dc.date.accessioned2009-07-06T14:00:19Z-
dc.date.available2009-07-06T14:00:19Z-
dc.date.issued2006-10-15-
dc.identifier.citationErlotinib for frontline treatment of advanced non-small cell lung cancer: a phase II study. 2006, 12 (20 Pt 1):6049-55 Clin. Cancer Res.en
dc.identifier.issn1078-0432-
dc.identifier.pmid17062680-
dc.identifier.doi10.1158/1078-0432.CCR-06-0260-
dc.identifier.urihttp://hdl.handle.net/10541/72596-
dc.description.abstractPURPOSE: Erlotinib has proven activity in pretreated patients with advanced non-small cell lung cancer (NSCLC). We evaluated erlotinib in the frontline treatment of advanced NSCLC and assessed biological predictors of outcome. EXPERIMENTAL DESIGN: In this phase II study, chemotherapy-naive patients with stage IIIB/IV NSCLC received oral erlotinib (150 mg/d) until disease progression or unacceptable toxicity occurred. Tumor response was assessed every 6 weeks, and samples were analyzed for potential molecular markers of treatment response and survival. The primary end point was the proportion of patients without disease progression after 6 weeks of treatment. RESULTS: Fifty-three patients were eligible. The overall rate of nonprogression at 6 weeks was 52.8% (28 of 53 patients). Tumor response rate was 22.7%, with 1 complete response, 11 partial responses, and 16 cases of stable disease. Responses were seen across most patient clinical characteristics. The median duration of tumor response was 333 days; median overall survival was 391 days; and median time to disease progression was 84 days. Erlotinib was well tolerated, the main treatment-related adverse events being mild-to-moderate rash and diarrhea. Histologic material for biological studies was available in 29 cases. Four of five responders and one patient with stable disease had a classic epidermal growth factor receptor tyrosine kinase mutation. Two progressing patients exhibited epidermal growth factor receptor point mutations (one with T790M mutation), and K-ras mutations were detected in 10 nonresponders. CONCLUSIONS: Erlotinib shows significant antitumor activity in the first-line treatment of advanced NSCLC and may be a viable alternative to chemotherapy. Patient selection cannot easily be based on clinical or biological variables.en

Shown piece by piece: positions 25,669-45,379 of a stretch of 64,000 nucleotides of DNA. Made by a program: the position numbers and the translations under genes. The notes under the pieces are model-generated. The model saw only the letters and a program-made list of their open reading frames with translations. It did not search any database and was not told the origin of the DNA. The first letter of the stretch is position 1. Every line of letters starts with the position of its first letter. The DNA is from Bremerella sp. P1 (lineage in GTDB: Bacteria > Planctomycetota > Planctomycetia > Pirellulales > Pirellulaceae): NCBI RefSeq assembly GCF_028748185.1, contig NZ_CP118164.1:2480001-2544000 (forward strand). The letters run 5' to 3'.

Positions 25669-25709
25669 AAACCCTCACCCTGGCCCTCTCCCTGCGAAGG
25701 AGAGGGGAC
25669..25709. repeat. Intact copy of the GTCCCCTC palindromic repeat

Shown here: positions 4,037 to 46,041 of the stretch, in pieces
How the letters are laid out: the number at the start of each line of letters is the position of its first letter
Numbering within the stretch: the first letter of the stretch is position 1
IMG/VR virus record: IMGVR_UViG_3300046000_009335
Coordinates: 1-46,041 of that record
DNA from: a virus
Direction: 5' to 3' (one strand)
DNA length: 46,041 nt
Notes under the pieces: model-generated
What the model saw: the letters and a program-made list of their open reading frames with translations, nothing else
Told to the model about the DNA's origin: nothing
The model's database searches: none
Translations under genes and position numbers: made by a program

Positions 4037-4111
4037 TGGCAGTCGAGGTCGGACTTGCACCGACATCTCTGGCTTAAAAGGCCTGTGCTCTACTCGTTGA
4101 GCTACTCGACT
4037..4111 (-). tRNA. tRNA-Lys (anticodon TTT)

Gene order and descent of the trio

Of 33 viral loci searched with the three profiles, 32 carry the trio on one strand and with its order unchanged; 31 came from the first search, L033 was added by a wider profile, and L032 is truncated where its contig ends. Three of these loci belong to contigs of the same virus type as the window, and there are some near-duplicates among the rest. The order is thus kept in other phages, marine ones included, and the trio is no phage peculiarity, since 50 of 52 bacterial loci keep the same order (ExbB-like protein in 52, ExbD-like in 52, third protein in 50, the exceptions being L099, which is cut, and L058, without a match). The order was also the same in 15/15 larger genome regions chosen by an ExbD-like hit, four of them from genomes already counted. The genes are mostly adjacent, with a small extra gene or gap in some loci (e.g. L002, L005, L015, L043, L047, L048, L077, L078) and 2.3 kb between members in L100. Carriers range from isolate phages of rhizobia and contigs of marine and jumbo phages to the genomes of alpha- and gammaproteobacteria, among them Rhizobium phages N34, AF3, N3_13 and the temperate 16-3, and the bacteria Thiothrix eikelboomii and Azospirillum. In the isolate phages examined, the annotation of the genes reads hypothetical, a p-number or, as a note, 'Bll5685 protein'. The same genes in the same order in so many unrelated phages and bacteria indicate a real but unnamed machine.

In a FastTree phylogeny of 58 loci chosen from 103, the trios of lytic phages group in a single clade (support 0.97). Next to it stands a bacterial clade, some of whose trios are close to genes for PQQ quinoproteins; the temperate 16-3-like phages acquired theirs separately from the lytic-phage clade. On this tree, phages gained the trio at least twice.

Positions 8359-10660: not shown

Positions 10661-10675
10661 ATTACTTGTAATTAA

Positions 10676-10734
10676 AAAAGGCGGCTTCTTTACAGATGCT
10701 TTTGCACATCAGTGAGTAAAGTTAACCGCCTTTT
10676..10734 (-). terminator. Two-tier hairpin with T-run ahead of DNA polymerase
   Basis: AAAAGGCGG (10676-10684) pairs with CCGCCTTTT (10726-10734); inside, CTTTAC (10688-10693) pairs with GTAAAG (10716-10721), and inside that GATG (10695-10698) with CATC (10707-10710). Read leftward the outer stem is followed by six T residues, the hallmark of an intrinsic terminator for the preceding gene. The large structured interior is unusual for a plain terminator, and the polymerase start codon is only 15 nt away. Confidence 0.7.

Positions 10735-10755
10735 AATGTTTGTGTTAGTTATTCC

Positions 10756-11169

dc.language.isoenen
dc.subjectLung Canceren
dc.subject.mesh1-Phosphatidylinositol 3-Kinase-
dc.subject.meshAdministration, Oral-
dc.subject.meshAdult-
dc.subject.meshAntineoplastic Agents-
dc.subject.meshCarcinoma, Non-Small-Cell Lung-
dc.subject.meshDNA Primers-
dc.subject.meshGenes, ras-
dc.subject.meshHumans-
dc.subject.meshIn Situ Hybridization-
dc.subject.meshLung Neoplasms-
dc.subject.meshProtein Kinase Inhibitors-
dc.subject.meshQuinazolines-
dc.subject.meshReceptor, Epidermal Growth Factor-
dc.subject.meshTablets-
dc.titleErlotinib for frontline treatment of advanced non-small cell lung cancer: a phase II study.en
dc.typeArticleen
dc.contributor.departmentDepartment of Medical Oncology, Vrije Universiteit Medical Center, Amsterdam, the Netherlands. g.giaccone@vumc.nlen
dc.identifier.journalClinical Cancer Researchen